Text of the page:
Sharing gratitude for tourism’s positive impact and hope for the year ahead

2021 wrap
Rodney Payne

23 December 2021

“There remains enormous potential within the travel industry and the act of travel itself to build a more just, sustainable, and vibrant world. That is why we work toward a better future through travel.”

We know you’ve been through a lot in 2021. And if you’re reading this, you’re probably working late into the week before the holidays get underway. At Destination Think, we are getting ready to close our laptops for the holiday break. Before signing off, we want to share our gratitude and reflect on this complex, challenging and rewarding year.

We can’t forget the pandemic’s human toll. And we recognize that many in the travel industry have lost loved ones, suffered illness, faced personal and professional stresses, or lost livelihoods. Life has become more difficult. People are struggling to find housing as necessities become more expensive, and racial and social injustices continue. Front-line workers have disproportionately borne the burden of public frustrations, along with the direct economic and health-related impacts of COVID-19. And the effects of the climate crisis have added another dimension of uncertainty for residents and travellers alike.

Amid all this, we are grateful for and proud of the positive impact our agency and consultancy has had on people’s lives and communities, alongside our clients and within the travel industry. This year we are fortunate to have brought on several skilled industry professionals. Their work supports the destinations we work with in making the world better through travel, especially in the areas of regenerative tourism and social equity.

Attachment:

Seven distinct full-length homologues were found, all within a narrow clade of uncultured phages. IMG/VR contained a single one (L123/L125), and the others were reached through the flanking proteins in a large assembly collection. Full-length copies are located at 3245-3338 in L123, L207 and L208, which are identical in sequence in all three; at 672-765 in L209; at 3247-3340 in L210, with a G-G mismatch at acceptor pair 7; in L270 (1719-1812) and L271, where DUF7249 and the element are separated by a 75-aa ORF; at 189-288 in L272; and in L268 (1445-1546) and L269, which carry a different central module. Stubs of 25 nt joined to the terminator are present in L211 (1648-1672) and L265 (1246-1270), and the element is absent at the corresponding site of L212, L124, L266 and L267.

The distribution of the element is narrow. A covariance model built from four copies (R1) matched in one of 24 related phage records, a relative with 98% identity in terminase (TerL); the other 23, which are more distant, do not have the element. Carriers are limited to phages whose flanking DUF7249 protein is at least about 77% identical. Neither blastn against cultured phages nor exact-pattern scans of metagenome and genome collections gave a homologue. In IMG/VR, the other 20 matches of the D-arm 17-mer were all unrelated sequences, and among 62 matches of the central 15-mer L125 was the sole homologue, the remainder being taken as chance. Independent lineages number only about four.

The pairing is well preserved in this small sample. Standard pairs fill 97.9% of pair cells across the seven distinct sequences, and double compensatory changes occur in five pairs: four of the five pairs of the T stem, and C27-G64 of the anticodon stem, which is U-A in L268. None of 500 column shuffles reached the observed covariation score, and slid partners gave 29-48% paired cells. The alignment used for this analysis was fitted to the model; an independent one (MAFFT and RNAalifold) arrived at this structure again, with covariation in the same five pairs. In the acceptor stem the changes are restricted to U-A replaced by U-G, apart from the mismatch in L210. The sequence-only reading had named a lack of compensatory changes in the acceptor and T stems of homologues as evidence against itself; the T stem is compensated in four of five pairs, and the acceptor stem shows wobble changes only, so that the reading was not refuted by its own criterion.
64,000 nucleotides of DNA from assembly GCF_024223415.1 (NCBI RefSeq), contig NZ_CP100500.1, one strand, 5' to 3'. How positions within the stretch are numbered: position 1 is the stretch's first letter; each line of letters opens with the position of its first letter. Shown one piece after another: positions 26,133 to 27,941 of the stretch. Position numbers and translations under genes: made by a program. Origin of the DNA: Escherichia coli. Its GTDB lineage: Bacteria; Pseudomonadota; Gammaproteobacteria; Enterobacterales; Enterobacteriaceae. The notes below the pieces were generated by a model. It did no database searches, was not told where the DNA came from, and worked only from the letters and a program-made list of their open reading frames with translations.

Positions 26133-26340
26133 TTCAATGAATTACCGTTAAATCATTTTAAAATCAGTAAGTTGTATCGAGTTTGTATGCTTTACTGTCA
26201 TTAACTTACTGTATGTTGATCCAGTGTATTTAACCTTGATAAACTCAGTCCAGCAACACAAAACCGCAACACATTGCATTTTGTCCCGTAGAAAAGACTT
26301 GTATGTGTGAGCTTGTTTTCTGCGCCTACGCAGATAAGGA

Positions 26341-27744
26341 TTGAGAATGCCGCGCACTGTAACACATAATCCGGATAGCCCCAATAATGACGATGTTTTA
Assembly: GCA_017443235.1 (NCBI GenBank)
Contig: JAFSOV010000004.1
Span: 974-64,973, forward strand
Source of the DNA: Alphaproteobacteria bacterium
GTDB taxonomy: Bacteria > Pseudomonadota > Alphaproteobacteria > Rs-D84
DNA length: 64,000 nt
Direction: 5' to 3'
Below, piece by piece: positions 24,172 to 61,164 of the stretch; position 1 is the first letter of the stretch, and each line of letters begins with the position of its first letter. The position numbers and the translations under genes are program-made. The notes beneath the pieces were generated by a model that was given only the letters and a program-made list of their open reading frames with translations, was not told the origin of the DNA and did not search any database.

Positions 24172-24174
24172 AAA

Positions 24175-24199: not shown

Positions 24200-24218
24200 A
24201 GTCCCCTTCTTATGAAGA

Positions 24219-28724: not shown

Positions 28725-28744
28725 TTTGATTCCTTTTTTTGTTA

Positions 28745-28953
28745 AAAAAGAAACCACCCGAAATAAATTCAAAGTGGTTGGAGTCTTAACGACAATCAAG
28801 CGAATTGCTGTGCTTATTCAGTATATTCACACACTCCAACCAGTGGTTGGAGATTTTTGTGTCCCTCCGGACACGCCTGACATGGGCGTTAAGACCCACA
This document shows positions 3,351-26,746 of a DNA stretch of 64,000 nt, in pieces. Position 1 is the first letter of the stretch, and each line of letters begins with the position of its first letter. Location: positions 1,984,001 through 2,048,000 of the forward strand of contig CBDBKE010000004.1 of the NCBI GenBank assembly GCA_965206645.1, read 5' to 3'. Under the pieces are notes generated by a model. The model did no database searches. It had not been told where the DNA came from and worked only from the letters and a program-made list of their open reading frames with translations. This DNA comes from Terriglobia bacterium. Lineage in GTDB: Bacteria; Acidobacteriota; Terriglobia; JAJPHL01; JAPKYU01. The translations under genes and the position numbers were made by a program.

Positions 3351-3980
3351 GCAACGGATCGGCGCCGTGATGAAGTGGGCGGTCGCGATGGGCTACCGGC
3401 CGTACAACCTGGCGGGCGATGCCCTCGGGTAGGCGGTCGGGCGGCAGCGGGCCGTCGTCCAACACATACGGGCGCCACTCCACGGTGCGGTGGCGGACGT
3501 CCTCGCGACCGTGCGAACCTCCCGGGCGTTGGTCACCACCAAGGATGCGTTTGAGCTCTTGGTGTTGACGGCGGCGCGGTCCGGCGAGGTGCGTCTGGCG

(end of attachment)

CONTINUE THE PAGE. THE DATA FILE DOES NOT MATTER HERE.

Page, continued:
Resident input is a crucial ingredient of destination management. And in many places across the world, our Place DNA® projects have uncovered what makes each community special. That DNA or identity is the foundation for place branding, tourism strategy, and so much more. In 2021, we hosted more than 100 online resident workshops across various projects in Canada, the U.S., and New Zealand. Workshops like these have helped us better understand community sentiment and public license for tourism, and ensure that travel makes the world a better place. 

Community input has supported our work on groundbreaking destination planning in places like Queenstown, New Zealand; Aspen, Colorado; and Oregon. Travel Oregon is soon to have one of the most progressive strategies in the industry, taking real steps toward regenerative tourism, racial equity, and recovery from COVID-19.

The covers of two strategy documents. One for Colorado Tourism Office, the other for Destination Campbell River

Strategies for the Colorado Tourism Office and Destination Campbell River

In Campbell River, B.C., where we provide full-service destination management, our team has delivered a five-year strategic tourism plan setting a vision toward life-changing, positive-impact tourism experiences through practical stewardship of the environment. Our team has also helped the state of Colorado understand the Low-Impact Traveler and has devised a strategy to attract this market segment with an emphasis on sustainability. 

Campbell River-branded shopping bags created by Destination Think.

Campbell River-branded shopping bags created by Destination Think.

Destination Think’s creative development team led by Steve Hanzic is making incredible strides in expressing the aspirations of our clients and their destinations in ways that are strategically sound and validated by residents. It’s wonderful to hear comments like this from a tourism board in the U.S.: